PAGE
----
News Highlights

Find speeches, press releases and forum replies. rss icon
Click here for E-Consultation.

01 Aug 2018

7th Nov 2017

CLOSING SPEECH BY MR AMRIN AMIN, PARLIAMENTARY SECRETARY FOR HEALTH, ON THE TOBACCO (CONTROL OF ADVERTISEMENTS AND SALE) (AMENDMENT) BILL, 7 NOVEMBER 2017

           Mr Speaker, I thank Members for speaking up in support of the Bill. I will now address Members’ queries on the Bill.

Effectiveness of smoking measures

2.        Mr Gan Thiam Poh and Ms Joan Pereira asked how effective our current measures are in reducing the prevalence of smoking, including in our youths. MOH has been strengthening our tobacco control measures over the years. Our measures are based on proven, best practices recommended by the World Health Organization and are designed to work at multiple levels. However, no single measure operates on its own. Collectively, the measures work together to reduce smoking prevalence in the longer term. As tobacco use is an addiction, we also do not expect to see significant drops in prevalence immediately after new measures are introduced.

3.        Our smoking rates have fallen from 18% in 1992 but they have remained at about 12-14% for the last decade. We see that progress has been made but we need to do more.

Raising of Minimum Legal Age (MLA)

Phased implementation

4.        Dr Chia Shi Lu, Mr Alex Yam and Ms Joan Pereira suggested to raise the MLA to 21 with immediate effect. I understand their concerns. However, we are mindful of the impact on current smokers between the ages of 18 and 21. Smoking is an addiction, and even as we encourage smokers to stop smoking, they will need some time. The phased implementation provides a realistic timeframe.

5.        Raising the MLA alone will not eliminate youth smoking. We will continue to send a strong message to young people to stay away from cigarettes. 

6.        Educational efforts and support for youth smokers to quit must complement legislative measures. I agree with what Dr Intan has shared. We must encourage our youths to devote their time, effort, mind and energy to useful and meaningful activities and stay away from tobacco products. This is indeed the holistic approach we have adopted.

7.        The Health Promotion Board’s (HPB) smoking cessation programmes for youths adopt a strengths-based approach to build confidence for behaviour change. In response to Dr Lee Bee Wah’s question, there are Student Health Advisors (SHAs) trained in smoking cessation who are stationed full-time in 50 schools and Institutes of Higher Learning (“IHLs”). Dr Lee Bee Wah will be happy to know that there are SHAs stationed in schools in Yishun. Since 2015, HPB’s smoking cessation programmes have reached out to more than 4,400 youths.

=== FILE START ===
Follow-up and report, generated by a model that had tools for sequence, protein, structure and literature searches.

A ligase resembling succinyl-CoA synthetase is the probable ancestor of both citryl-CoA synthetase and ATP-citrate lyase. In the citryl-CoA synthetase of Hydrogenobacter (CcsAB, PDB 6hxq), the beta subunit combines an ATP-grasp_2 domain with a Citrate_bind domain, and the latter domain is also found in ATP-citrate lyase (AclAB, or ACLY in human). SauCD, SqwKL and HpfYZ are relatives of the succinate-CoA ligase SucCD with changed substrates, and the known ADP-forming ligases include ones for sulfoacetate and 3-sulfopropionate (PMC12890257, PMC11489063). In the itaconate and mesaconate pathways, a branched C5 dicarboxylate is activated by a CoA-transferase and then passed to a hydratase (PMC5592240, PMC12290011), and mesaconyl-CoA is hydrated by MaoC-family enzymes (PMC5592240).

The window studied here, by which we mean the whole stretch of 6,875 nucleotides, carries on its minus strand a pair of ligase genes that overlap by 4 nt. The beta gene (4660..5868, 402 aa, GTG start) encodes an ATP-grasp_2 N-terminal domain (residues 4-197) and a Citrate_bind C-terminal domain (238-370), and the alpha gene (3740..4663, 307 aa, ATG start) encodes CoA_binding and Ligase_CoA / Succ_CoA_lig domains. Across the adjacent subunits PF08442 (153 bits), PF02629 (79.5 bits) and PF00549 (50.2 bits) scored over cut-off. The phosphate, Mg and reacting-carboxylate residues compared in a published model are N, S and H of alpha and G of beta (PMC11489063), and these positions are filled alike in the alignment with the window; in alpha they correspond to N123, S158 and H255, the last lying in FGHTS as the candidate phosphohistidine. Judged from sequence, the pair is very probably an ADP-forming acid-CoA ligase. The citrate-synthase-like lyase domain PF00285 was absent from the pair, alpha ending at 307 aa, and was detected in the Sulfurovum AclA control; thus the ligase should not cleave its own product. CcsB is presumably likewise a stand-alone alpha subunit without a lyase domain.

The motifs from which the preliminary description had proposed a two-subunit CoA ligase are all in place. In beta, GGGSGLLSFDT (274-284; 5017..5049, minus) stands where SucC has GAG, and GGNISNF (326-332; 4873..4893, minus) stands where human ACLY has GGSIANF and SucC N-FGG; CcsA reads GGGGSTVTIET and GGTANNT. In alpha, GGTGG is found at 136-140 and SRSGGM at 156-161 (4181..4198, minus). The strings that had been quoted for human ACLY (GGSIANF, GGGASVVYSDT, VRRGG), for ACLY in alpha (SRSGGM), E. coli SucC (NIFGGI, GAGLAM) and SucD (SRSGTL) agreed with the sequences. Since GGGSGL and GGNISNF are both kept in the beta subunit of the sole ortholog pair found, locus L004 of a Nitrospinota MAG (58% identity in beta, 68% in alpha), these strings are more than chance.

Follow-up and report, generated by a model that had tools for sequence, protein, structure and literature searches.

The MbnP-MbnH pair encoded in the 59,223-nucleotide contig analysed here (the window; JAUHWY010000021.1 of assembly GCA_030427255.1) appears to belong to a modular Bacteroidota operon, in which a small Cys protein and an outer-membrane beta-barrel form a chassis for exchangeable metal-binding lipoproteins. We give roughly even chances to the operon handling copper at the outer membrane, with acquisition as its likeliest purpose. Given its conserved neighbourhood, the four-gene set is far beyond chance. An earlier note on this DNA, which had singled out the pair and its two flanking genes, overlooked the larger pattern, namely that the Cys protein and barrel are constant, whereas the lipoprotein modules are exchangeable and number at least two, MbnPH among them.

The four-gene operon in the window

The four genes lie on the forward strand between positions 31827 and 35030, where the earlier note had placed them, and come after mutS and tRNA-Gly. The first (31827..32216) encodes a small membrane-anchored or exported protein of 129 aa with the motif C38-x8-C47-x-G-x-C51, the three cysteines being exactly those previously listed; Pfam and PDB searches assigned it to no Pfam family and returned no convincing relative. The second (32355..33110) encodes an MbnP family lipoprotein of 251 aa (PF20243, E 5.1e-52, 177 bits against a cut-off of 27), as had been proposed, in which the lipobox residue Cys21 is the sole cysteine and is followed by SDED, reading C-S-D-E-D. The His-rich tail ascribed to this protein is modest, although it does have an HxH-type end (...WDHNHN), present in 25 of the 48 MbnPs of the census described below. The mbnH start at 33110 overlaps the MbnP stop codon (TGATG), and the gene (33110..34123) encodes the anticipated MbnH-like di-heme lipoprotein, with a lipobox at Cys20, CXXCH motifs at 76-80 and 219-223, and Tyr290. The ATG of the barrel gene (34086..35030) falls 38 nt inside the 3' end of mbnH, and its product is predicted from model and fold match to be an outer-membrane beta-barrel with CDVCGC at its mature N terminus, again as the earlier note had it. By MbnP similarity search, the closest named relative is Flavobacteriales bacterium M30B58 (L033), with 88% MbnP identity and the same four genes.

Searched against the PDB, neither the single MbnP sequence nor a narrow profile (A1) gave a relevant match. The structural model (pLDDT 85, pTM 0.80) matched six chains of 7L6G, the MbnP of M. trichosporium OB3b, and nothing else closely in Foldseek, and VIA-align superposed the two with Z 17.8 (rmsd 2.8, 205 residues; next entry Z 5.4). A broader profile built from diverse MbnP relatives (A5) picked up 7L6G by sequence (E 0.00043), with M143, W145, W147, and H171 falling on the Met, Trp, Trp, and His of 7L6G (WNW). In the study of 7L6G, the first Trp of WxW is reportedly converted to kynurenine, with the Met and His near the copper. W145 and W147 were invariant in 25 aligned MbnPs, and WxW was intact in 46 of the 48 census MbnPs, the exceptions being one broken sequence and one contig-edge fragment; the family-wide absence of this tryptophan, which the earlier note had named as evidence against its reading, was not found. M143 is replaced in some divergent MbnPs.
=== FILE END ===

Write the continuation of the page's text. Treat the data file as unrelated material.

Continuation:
8.        We also work closely with the Ministry of Education and IHLs to incorporate anti-tobacco messages into the curriculum. HPB conducts additional educational programmes in schools, and in 2016, we reached out close to 50,000 youths. Youths are also taught skills to refuse cigarette offers in social settings.

Prohibition on ENDS

Clarification on harm reduction

9.        In response to Mr Louis Ng, we have looked into Prof Linda Bauld’s study in detail. It was a cross-sectional study that looked at the situation at one point in time. This study design is not suitable for studying the gateway effect. There had been studies in the US, UK and Canada, which followed up on more than 40,000 youths over time, and found that e-cigarette users had a greater risk of becoming cigarette users. All these studies have found evidence to support the gateway effect.

10.        On Mr Leon Perera’s question regarding standardised tobacco packaging, we are still studying this. Our final decision on whether to proceed with the measure will be made only after the upcoming public consultation. The decision whether to proceed to standardise tobacco packaging will be based on several considerations, including public health, intellectual property and international law perspectives. We will ensure that any measure, if introduced, is consistent with our domestic law and international obligations.